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Whether stuffed remains in a museum case, inscribed tombstone, or stone wall perched on a cliff, memorials to extinct animals are timestamps representing human-animal relationships at particular moments in time. This essay analyzes the rhetoric and imagery of historical extinctions as seen in these memorials to understand the ways people struggled to understand the loss. Through examination of memorials to extinct species in U.S. museums, parks, and zoos my research has revealed a continuous struggle to identify the personhood of animals, define human-animal interactions, and locate human responsibility for environmental change.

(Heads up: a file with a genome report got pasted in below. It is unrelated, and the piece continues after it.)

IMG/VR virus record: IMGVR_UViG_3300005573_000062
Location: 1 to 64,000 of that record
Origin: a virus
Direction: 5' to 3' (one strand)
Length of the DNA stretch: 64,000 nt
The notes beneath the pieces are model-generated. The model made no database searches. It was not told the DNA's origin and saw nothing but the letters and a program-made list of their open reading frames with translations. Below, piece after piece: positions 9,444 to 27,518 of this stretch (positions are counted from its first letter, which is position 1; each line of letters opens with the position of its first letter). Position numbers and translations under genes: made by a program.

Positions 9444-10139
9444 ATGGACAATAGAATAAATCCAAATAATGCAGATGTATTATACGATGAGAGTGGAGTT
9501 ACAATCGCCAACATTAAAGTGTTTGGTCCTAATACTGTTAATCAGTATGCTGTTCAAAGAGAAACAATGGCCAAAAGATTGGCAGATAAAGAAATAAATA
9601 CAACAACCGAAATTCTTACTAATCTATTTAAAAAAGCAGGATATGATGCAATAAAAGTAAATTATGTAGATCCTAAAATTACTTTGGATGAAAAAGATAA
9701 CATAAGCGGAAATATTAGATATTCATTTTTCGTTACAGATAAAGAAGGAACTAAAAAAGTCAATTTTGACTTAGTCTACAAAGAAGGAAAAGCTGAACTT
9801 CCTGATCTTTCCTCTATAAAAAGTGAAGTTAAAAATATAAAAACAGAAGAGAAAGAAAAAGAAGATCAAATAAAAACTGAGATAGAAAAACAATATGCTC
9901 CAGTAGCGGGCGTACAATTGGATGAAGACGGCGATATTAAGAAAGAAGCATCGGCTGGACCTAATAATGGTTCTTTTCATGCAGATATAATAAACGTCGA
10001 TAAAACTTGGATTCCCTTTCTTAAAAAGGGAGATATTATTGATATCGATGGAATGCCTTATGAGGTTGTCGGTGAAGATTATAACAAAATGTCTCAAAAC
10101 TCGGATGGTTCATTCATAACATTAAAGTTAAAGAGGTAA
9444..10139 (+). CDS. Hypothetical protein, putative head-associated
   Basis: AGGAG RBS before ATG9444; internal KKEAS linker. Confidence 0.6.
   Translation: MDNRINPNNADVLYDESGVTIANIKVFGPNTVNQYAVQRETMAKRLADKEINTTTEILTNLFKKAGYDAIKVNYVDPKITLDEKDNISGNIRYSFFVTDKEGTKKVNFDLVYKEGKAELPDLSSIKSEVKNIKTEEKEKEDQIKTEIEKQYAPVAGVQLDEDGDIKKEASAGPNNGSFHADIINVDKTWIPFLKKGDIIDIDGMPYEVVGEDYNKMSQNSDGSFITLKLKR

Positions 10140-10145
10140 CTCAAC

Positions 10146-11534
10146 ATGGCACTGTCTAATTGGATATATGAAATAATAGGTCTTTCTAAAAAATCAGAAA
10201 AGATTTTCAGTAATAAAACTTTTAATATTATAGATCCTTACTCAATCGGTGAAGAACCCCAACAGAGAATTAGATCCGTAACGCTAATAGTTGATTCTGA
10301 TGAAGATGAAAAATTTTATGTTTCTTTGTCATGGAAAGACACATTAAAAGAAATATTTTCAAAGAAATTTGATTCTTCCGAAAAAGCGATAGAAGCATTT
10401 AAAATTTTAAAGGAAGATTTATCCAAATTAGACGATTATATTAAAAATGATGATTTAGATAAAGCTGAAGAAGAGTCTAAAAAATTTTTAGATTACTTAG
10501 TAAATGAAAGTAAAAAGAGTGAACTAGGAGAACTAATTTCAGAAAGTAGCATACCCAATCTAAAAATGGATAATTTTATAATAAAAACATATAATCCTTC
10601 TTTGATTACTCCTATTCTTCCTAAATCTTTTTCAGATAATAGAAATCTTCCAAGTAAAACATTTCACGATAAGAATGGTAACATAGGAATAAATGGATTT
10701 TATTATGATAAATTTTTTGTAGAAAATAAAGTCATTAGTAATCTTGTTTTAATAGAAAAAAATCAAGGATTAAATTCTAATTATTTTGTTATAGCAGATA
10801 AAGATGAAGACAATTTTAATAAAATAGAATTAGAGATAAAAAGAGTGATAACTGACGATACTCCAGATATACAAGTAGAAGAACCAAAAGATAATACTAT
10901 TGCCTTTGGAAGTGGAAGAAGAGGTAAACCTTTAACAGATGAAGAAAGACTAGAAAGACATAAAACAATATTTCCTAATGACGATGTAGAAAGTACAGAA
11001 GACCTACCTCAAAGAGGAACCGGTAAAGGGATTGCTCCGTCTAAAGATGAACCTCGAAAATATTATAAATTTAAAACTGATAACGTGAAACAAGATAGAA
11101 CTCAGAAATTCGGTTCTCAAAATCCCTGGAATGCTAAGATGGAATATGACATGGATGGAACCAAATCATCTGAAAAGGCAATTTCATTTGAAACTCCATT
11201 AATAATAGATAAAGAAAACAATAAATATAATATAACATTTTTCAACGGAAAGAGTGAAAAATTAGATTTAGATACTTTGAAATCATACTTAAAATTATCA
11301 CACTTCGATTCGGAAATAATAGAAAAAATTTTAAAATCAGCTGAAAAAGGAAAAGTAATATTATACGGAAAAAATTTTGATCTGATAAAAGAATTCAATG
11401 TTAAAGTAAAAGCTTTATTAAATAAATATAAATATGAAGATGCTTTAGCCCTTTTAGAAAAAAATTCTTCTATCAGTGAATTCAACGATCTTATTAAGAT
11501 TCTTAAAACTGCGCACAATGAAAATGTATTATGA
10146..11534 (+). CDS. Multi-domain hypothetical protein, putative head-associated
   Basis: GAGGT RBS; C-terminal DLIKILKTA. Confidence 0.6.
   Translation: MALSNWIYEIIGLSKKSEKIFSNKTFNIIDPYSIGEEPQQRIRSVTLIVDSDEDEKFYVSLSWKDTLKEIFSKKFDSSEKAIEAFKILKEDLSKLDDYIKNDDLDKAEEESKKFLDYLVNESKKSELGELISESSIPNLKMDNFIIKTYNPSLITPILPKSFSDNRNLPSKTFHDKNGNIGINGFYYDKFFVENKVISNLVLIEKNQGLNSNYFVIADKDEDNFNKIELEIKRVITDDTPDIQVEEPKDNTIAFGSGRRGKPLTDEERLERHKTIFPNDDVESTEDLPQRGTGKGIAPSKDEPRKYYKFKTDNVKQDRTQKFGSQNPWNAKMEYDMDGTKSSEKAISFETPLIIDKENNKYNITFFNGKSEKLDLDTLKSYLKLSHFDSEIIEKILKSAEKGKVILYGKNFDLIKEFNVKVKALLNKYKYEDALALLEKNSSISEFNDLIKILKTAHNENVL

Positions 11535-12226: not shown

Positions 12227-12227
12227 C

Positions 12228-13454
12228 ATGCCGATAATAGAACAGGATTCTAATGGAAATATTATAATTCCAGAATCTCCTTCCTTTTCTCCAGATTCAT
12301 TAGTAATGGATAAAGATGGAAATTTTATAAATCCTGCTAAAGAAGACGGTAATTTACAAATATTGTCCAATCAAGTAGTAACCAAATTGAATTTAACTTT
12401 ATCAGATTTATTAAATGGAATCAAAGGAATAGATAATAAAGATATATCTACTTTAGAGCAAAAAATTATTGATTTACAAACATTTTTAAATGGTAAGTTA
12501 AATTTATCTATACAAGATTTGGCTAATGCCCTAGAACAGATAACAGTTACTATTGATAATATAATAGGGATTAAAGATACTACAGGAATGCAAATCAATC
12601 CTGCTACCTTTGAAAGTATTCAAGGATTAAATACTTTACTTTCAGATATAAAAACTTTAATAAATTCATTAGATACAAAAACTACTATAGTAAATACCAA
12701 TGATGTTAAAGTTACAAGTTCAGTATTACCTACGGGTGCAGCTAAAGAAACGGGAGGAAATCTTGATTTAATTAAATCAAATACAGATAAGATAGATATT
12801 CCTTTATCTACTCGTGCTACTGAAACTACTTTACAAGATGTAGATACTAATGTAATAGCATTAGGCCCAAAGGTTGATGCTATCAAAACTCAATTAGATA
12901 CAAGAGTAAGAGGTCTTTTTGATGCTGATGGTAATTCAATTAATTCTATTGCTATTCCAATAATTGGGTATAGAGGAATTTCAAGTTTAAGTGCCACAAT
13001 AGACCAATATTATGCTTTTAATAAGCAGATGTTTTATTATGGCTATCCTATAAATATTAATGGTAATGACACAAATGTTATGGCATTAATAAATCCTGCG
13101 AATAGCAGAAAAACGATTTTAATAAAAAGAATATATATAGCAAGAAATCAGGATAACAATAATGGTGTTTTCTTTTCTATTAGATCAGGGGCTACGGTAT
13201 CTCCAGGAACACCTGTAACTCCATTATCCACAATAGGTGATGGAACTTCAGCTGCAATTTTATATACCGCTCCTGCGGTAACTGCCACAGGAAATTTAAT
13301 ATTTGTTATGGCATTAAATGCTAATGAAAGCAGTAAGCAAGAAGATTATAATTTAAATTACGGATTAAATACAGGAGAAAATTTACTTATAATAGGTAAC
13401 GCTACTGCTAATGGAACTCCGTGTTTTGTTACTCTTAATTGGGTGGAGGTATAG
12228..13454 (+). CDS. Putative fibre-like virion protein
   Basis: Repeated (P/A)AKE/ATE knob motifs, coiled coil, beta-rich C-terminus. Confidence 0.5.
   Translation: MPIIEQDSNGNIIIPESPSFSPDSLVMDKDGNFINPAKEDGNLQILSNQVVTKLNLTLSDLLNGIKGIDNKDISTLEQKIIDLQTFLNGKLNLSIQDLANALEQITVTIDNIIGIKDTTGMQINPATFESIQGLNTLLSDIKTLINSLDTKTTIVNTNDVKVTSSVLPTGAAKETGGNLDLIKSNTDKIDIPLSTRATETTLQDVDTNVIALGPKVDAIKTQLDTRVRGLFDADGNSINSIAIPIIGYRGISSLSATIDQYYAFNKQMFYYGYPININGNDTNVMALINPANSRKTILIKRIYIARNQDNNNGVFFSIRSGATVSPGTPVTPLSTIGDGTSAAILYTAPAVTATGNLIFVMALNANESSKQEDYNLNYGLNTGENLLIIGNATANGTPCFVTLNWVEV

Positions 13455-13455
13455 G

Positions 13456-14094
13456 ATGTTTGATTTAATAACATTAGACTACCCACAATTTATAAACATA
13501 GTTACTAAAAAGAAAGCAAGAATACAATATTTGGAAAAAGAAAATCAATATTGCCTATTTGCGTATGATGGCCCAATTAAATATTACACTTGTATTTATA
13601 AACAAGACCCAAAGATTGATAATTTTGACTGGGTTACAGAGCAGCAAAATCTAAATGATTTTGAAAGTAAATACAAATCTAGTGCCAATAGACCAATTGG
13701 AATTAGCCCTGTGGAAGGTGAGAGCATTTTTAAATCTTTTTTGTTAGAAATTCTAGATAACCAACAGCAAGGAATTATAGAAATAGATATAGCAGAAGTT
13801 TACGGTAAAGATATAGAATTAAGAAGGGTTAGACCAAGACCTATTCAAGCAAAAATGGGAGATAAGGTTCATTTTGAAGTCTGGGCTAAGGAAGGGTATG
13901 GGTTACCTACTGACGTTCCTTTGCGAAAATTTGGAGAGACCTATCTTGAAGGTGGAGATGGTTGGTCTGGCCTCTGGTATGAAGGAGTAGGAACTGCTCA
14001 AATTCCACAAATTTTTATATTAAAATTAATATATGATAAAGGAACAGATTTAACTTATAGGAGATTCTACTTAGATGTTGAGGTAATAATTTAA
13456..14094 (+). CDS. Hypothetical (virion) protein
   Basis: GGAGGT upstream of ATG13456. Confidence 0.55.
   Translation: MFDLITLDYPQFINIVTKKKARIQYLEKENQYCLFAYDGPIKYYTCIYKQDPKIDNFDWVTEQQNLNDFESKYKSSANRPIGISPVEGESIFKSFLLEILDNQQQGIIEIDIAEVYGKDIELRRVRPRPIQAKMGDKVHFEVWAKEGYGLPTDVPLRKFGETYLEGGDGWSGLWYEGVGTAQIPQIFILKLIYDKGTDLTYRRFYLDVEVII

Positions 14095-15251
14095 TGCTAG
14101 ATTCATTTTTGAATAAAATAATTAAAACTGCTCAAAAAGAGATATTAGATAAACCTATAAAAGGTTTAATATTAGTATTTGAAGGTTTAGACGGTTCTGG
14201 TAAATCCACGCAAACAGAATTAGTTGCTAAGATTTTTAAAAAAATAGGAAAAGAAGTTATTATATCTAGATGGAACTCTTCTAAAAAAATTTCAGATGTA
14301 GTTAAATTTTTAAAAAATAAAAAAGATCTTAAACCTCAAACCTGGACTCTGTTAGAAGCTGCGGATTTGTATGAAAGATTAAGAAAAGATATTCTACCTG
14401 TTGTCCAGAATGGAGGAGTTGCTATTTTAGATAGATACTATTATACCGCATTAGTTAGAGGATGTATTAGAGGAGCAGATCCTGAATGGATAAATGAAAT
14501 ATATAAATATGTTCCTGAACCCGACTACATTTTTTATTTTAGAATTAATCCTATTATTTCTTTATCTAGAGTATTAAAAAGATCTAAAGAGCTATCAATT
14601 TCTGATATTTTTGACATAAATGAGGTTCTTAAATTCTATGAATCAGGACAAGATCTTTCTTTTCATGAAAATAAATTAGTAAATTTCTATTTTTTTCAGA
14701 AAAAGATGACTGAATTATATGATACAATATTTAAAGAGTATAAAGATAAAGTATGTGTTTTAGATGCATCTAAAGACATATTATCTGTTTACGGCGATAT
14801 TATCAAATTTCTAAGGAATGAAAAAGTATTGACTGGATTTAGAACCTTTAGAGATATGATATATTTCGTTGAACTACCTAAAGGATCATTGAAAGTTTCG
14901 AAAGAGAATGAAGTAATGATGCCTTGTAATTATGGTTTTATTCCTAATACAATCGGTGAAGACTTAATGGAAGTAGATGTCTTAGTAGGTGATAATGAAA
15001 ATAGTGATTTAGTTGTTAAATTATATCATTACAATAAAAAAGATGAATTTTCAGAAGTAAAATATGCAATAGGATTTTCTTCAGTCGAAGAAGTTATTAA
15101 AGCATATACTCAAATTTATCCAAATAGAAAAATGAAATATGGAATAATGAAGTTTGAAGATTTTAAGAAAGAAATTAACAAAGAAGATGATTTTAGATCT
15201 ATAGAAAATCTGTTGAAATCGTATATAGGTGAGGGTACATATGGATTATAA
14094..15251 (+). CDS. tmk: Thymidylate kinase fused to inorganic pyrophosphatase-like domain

While each memorial mimics remembrance practices used for humans and human events, they differ in their acknowledgement of the individuality and the agency of its extinction which, in turn, often denies agency to the animal. Steeped as they are in Romantic-era notions of wildness, these memorials can be read as parables of environmentalism, but in their conceptualization of the animal, they instruct us in the varieties of human-animal interactions and representations within the environmental movement at different times and places, making them more complex spaces than their simplicity suggests. While memorials present only a slice of the story, the memories they create and reinforce become part of the cultural ways of dealing with extinction that is often more popular and more poignant than historical narratives documenting their declines. At its core, my research adds to the literature on constructions of Nature in American culture by connecting 19th-century declension narratives with 20th-century extinctions, and problematizes the American ideology of abundance.
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